I see some problems with the Volcker rule proposal.
PROBLEM ONE: CLARIFY STATUS OF 'NONBANK FINANCIAL COMPANIES'
While the proposal 'generally prohibits any banking entity from engaging in proprietary trading or from acquiring or retaining an ownership interest in, sponsoring, or having certain relationships with a hedge fund or private equity fund (“covered fund”), the language that may extend this coverage to 'nonbank financial companies' is unclear.
It should be made clear that all the provisions of the proposed rule apply to all nonbank financial companies as well as any banking entity.
It should also be made clear that any institution which accepts deposits from the public or other institutions and/or lends money to any person or entity is considered a 'banking entity' or 'nonbank financial company' and is subject to the rules.
PROBLEM TWO: Section 13 of the BHC Act.
While 'Section 13 of the BHC Act generally prohibits banking entities from engaging in proprietary trading or from acquiring or retaining any ownership interest in, or sponsoring, a covered fund,' the rule does not specify 'nonbank financial companies'.
This should be amended so that the rule applies to all 'banking entities' and 'nonbank financial companies'.
PROBLEM THREE: EXEMPTIONS
Section 13(d)(1) of the BHC Act includes exemptions from these prohibitions for certain permitted activities, including:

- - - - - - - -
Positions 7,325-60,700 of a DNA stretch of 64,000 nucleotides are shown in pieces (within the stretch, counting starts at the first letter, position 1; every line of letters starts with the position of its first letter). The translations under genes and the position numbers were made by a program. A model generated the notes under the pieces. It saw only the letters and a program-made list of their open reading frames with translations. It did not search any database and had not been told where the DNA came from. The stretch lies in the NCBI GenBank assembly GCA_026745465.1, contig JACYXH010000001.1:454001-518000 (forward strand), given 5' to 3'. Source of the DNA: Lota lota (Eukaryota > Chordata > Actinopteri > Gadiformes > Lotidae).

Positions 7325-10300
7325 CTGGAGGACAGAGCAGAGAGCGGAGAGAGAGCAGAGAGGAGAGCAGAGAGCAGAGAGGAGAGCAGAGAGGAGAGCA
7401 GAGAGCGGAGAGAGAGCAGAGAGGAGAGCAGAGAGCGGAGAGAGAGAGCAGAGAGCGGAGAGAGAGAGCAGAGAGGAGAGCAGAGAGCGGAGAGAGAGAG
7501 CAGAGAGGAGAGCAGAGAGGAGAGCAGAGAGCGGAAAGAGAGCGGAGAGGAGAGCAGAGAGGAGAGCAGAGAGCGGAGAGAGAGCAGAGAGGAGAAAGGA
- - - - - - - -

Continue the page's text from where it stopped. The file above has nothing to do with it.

'Trading in certain government obligations;
Underwriting and market making-related activities;
Risk-mitigating hedging activity;
Trading on behalf of customers;
Investments in Small Business Investment Companies (“SBICs”) and public interest investments;
Trading for the general account of insurance companies;
Organizing and offering a covered fund (including limited investments in such funds);
Foreign trading by non-U.S. banking entities; and
Foreign covered fund activities by non-U.S. banking entities.'
All these exemptions should be removed so that the rules apply to all 'banking entities' and 'nonbank financial companies'.
Allowing these exemptions will allow some 'banking entities' and 'nonbank financial companies' to circumvent its provisions and render the rule impotent. Such rendering of the rule will place the entire financial system at risk.
These should be fixed, otherwise the rule will be useless.